Give us today...

A recent article from David Bentley Hart gives a powerful account of the Lord's Prayer as a prayer by and for the poor. Hart focusses on debt, drawing on David Graeber's book of the same name which I have also found important.

The line that has had me thinking most recently is that about bread (which won't surprise regular readers!):

“Give us today our daily bread” (Matt 6:11; cf. Luke 11:3).

The actual meaning of this simple statement is famously obscure, because of the unusual Greek word “epiousios”—translated “daily” in most settings— and which has often been interpreted eucharistically. This is simultaneously right and wrong, because while the theology attributed to the text by various early interpreters and onward - something like "let us have the sacrament of the Eucharist daily"- is historically implausible, I think it is inevitable that the prayer will have been interpreted in some degree of relationship with actual eucharistic eating from the earliest times.

The first Christians and their neighbors lived in a society where bread was the staple food. It wasn't a side-dish but the center of the average meal. Yet many people lived in a state of food insecurity, or what Classicist Peter Garnsey calls "temporary poverty." More than half of incomes went on food. For city dwellers it was common to seek invitations to dine from wealthier patrons, or to rely on free or subsidized bread or grain when it was available. The "daily" reality was not just an existential question - it was a very practical one. Many needed to find their bread on a daily basis.

Ulrich Luz and others argue, and I follow them here, that the derivation of epiousios in the Lord's Prayer is most likely to be from the Greek epienai for “that which comes”; the more accurate translation might then be “give us today our bread for tomorrow.” This means, then, something like a prayer for food security; not just the daily bread of the dole, or the patron’s sought-after but humiliating dinner or food parcel which are inevitably for today, but the promise that tomorrow’s needs are also looked after, which implies an end to such dependence.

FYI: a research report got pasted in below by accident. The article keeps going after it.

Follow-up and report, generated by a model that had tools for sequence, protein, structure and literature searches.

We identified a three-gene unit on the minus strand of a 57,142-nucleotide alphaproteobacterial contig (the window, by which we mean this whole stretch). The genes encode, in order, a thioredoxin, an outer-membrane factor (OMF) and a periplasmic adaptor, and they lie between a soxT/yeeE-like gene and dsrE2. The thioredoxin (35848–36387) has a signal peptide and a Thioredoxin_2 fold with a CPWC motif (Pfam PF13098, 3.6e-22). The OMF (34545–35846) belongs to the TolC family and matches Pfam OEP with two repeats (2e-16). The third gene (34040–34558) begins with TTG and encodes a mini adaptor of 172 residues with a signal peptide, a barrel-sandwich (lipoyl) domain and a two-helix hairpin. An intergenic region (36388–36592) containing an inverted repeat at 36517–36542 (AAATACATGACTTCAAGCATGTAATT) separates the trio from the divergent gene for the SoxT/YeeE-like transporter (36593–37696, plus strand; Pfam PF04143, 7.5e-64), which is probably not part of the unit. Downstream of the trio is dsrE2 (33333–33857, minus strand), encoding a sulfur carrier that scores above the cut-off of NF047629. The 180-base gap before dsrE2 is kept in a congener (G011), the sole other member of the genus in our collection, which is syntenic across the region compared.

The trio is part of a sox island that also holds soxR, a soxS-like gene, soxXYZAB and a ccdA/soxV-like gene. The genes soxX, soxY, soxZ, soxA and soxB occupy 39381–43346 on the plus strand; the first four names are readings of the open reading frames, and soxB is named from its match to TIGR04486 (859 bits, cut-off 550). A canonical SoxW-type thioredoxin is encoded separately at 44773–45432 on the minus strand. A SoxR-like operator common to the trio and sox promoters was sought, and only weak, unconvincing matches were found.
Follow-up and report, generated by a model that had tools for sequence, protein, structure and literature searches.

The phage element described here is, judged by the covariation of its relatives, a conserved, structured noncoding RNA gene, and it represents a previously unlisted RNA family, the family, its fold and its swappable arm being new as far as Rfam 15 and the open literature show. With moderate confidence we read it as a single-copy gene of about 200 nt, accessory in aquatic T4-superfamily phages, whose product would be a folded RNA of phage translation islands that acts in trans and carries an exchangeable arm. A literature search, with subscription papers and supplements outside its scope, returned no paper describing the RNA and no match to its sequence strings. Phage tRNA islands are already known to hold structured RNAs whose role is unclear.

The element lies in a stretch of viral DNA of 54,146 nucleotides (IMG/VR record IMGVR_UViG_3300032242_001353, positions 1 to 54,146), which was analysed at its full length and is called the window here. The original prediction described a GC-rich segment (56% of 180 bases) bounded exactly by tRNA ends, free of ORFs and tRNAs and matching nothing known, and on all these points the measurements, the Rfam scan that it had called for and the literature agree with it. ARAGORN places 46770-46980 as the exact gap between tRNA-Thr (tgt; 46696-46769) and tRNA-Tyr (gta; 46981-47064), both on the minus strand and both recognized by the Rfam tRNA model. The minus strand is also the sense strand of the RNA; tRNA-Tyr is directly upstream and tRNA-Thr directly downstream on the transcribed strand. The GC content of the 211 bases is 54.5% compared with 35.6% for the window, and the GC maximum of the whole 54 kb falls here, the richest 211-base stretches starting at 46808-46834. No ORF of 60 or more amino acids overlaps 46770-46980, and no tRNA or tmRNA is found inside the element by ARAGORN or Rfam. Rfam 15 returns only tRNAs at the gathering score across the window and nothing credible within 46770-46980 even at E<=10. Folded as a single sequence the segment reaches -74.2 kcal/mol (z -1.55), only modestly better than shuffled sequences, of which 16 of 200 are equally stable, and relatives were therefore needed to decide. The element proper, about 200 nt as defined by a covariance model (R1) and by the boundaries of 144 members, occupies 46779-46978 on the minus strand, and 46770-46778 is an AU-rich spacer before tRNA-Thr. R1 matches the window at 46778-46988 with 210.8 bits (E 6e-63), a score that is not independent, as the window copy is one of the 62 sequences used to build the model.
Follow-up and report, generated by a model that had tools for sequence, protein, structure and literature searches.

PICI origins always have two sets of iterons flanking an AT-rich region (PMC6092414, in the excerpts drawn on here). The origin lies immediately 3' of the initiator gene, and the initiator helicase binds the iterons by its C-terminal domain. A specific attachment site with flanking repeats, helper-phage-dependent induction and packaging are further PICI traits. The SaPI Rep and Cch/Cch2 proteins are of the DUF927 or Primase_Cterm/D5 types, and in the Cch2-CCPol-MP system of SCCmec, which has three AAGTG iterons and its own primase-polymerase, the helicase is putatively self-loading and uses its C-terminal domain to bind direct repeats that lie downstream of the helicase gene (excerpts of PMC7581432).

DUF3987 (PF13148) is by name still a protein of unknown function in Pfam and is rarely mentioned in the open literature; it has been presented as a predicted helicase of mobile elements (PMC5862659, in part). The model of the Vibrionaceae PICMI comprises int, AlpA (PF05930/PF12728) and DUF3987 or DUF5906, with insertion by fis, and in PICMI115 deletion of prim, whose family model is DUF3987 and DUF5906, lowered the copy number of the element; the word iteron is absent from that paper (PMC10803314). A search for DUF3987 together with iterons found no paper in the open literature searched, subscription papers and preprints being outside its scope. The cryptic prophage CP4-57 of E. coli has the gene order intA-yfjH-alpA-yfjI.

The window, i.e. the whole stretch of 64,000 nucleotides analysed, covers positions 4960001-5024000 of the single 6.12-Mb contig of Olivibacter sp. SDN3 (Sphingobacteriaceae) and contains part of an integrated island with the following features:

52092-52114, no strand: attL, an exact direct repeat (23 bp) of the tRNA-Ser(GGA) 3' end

This means that God becomes the true patron, and the one praying is saying something akin to “your kingdom come” earlier in the prayer, where current, unreliable, and indeed oppressive forms of human patronage are swept away by the reign of God, and by God’s bread.

In any event, it is important to understand that this petition does not avoid asking the simplest question about basic human need. We need not refuse more elaborate or secondary interpretations, including those that connect with our eucharistic eating, but they are just that, secondary. Bread does not “stand” for anything else here; the ancient hearer, pray-er or reader could not have interpreted it any other way.

[From the lecture "‘The First-Fruits of God’s Creatures’: Bread, Eucharist, and the Ancient Economy," given at the Institute of Sacred Music's "Full of Your Glory" conference at Yale, June 18 2018].


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